Cricket: the Mankading “controversy” … Why controversial one asks?

I have reading, with much bemusement, about the controversy overnight surrounding the Mankading of Jos Buttler by Sachithra Senanayake in the 42nd over of the 5th ODI fixture between England and Sri Lanka.

My bemusement comes from the fact this dismissal is actually controversial! Consider these facts:

1. Senanayake warned both batsman in the 42nd about backing up too far.

2. Buttler ignored both warnings and backed up a significant way out of his crease on the ball that led to the dismissal.

3. Mankading, as a dismissal, is part of the laws of the game. Indeed in 2011 the Laws of Cricket were amended to make the mankad easier to pull off.

4. The spirit of cricket, which ostensibly is a fairness standard, allows for this form of dismissal in the context of the batsman both being warned and repeatedly offending in backing up too far.

Why then the alleged controversy? All we have seen in this game is the laws and spirit of the game actually working. I could understand umbrage being taken if no warning had been given but to have warned twice and then acted strikes me as conduct entirely within the game’s spirit.

English fans will no doubt make some allegation of cheating against Sachithra Senanayake but frankly the only cheats on the ground in the 42nd over over night were the batters backing up too far. The fact that one of them was dismissed by a bowling knowledgeable in the laws of the game and the spirit surrounding there application ought be lauded rather than demonised!

Well played Sachithra Senanayake for following the game’s laws and Angelo Matthews for backing his player in upholding the appeal.

If anyone should be hauled over the coals for breaching the spirit of cricket doctrine it is the English players for their over the top sledging of Matthews and others when it came Sri Lanka’s turn to bat but, of course, the ICC is part run by the ECB now so the chances of that happening are slim at best.

Australia v Sri Lanka, 1st test, Day 4

It has been a while since I posted on this blog. I apologise to followers for that: work has gotten in the way of writing which is something that vexes me greatly.

That said, having watched basically the full day of play yesterday, some similar themes about what it will take to “win” day 4 of this test match have been reverberating around my brain most of the night like a sirens song drawing me to the keyboard.

So, without further self indulgent preamble, here are my keys to success on day 4 at Blundstone Arena:

1. How many runs is enough for Captain Clarke?

Throughout the summer, Michael Clarke has shown good instincts with respect to timing of declarations only to be crueled, on the one hand, by an improving pitch (Brisbane) and, on the other hand, by one of the best rearguard innings since Atherton’s 185 off 492 balls in 1995 ( Adelaide). He is again faced here with the aegis of being one strike bowler under strength so will need to keenly balance batting Sri Lanka out of the game with giving his depleted bowling attack enough time to get the job done.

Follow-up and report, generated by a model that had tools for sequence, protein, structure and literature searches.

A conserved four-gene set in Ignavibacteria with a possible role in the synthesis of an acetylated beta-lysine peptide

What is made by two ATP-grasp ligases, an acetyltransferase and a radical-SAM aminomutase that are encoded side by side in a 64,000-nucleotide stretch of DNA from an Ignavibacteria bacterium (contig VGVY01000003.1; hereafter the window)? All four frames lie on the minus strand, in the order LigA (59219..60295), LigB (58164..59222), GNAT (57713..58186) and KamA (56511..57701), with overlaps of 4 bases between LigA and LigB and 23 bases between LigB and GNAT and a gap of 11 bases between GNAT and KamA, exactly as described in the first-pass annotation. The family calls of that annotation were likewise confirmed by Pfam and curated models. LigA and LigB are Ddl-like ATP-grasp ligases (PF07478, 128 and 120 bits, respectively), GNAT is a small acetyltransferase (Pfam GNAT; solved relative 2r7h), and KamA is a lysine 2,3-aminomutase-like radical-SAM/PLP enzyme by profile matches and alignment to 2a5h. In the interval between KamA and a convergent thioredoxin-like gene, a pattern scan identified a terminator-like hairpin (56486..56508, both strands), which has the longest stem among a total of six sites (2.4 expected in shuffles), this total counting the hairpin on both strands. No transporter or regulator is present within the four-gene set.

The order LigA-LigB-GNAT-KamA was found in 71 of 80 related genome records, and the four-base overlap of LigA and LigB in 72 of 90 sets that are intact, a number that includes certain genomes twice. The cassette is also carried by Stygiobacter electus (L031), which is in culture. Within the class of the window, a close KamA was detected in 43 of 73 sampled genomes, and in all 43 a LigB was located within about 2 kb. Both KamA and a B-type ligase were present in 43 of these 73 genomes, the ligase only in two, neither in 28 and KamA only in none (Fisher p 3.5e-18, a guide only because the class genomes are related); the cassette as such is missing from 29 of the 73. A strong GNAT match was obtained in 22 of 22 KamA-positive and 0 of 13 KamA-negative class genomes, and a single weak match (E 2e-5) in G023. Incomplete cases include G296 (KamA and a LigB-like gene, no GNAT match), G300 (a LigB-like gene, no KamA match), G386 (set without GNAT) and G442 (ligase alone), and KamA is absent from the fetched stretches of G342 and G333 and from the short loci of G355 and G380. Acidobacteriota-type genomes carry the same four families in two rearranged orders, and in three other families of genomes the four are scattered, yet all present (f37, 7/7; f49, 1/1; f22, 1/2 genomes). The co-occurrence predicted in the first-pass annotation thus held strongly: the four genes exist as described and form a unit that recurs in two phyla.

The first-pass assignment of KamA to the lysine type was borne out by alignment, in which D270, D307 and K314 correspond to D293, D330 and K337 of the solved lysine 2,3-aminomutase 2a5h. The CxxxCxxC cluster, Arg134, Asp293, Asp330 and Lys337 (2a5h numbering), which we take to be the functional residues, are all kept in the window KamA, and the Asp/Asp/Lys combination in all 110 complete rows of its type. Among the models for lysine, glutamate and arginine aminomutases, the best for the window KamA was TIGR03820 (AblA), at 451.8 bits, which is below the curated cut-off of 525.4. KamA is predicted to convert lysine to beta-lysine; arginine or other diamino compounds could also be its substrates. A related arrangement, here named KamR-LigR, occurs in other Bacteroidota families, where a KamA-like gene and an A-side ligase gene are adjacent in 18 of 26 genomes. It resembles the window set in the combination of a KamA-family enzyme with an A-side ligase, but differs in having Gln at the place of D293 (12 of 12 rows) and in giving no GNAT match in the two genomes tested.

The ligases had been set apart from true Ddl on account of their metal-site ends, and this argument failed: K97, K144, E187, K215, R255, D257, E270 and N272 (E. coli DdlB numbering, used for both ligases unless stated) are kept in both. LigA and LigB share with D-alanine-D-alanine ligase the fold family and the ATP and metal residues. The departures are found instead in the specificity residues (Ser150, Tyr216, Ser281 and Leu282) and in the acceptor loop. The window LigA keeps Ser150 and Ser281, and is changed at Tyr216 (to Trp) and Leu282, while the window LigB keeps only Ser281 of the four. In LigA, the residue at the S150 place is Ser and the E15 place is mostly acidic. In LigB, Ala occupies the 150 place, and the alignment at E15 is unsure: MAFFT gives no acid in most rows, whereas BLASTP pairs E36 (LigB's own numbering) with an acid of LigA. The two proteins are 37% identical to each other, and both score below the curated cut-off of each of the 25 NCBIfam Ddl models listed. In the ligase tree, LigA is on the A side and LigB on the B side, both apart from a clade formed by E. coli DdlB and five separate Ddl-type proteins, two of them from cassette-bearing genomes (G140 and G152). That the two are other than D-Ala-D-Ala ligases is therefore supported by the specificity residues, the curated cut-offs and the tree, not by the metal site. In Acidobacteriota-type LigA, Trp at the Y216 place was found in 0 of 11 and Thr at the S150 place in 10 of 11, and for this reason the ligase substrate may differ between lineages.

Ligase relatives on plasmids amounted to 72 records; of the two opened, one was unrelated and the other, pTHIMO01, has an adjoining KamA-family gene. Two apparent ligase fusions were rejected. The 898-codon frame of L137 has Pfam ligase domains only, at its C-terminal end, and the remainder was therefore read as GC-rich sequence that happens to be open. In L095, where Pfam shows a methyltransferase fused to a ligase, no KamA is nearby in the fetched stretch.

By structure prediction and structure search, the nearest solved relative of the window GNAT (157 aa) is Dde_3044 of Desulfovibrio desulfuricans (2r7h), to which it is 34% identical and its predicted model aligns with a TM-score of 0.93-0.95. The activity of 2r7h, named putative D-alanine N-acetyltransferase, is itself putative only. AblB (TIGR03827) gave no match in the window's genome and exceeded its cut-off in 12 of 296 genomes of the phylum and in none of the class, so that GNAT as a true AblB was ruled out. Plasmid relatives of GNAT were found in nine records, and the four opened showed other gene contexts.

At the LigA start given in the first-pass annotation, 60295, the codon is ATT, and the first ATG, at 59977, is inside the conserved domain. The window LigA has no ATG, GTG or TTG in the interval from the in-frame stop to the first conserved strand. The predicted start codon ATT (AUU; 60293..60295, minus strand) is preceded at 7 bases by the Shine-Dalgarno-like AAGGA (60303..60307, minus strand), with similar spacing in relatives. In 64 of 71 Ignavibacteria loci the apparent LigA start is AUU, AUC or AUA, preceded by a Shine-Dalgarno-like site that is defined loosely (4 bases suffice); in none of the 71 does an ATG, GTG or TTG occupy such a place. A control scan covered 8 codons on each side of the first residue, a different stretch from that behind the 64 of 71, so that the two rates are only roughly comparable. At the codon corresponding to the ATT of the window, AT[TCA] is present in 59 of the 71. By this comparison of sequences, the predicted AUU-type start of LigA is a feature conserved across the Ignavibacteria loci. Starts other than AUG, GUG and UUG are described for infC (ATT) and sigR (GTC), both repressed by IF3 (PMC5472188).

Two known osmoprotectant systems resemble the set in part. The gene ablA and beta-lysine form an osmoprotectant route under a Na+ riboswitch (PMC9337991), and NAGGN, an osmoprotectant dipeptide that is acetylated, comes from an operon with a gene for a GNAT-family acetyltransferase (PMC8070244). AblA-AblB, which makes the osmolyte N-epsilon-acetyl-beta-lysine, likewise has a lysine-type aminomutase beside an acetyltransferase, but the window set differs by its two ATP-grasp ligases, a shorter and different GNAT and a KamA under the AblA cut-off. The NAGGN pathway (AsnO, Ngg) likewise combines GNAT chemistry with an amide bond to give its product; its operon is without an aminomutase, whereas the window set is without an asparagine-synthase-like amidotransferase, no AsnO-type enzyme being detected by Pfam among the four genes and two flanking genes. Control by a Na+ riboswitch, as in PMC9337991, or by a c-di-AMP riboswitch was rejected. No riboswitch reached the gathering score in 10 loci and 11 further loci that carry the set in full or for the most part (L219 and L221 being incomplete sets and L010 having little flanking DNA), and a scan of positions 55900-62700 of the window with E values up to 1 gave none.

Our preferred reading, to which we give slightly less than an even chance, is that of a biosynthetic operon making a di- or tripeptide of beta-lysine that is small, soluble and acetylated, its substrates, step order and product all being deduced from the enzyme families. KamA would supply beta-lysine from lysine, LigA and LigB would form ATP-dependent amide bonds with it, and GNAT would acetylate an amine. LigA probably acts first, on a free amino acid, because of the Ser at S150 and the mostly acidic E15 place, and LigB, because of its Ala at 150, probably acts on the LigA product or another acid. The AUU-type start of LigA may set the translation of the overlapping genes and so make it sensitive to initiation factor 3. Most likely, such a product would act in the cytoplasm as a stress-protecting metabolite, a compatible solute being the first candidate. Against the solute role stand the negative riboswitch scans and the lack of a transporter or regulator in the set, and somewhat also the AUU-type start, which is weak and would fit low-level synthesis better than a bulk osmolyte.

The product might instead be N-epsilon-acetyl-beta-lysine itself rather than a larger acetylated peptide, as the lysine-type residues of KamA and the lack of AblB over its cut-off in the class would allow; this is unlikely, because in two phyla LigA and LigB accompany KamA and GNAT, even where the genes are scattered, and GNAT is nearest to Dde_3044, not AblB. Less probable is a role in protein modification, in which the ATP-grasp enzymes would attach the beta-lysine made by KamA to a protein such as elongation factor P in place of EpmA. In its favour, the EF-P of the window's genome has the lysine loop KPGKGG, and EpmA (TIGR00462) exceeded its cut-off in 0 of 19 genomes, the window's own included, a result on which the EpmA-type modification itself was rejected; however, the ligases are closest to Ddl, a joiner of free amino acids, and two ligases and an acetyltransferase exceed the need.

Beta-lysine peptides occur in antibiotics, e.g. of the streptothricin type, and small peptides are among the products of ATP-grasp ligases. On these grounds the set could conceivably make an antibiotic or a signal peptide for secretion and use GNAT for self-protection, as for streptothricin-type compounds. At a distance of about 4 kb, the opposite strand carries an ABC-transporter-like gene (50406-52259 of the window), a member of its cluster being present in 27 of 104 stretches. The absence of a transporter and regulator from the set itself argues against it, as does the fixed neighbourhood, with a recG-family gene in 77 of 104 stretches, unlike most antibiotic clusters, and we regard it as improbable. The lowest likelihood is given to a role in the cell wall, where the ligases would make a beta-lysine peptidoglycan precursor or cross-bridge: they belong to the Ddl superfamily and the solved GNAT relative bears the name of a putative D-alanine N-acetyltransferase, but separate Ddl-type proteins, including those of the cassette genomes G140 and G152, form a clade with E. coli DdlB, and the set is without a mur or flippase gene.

2. Who is the leader of the Sri Lankan attack and will he please stand up?

This is a Sri Lankan bowling line up that it would be fair to say is short on experience. Whilst Lasith Malinga plies his trade in the heady world of the Big Bash League (I concede he has not played in a test in over two years), the Sri Lankan fast bowlers together boast a collective experience of some 38 tests. In the first innings they looked to be bowling without a leader and, as shown by the lion hearted efforts of P Siddle, they will sorely need one in this innings to keep the Australian total down to a chaseable target. For me, the real key to a successful day for Sri Lanka will be how HMRKB Herath not only bowls but leads this young attack. With 5 left handers in the Australian top 7 and right arm bowlers foot marks growing today is a day made for a left arm orthodox tweaker.

3. Reviews, reviews and more reviews

The need to get the use of the DRS correct again raised its head yesterday with the Sri Lankans wasting their reviews on plumb LBW decisions only to see Herath dispatched by Tony Hill LBW having nearly hit the ball with the middle of his bat first. The Sri Lankan review methodology seems to be that whatever captain says goes so the pressure will be M Jayawardene to consult with this players and make reviews more prudently today. Two early “bad” reviews could, to state the obvious, be costly by the end of the day.

And that is it: how many runs is enough, Herath and the DRS are the keys to today’s play with the position the Sri Lankans are in by the end of the day largely reliant on Herath’s spinning finger.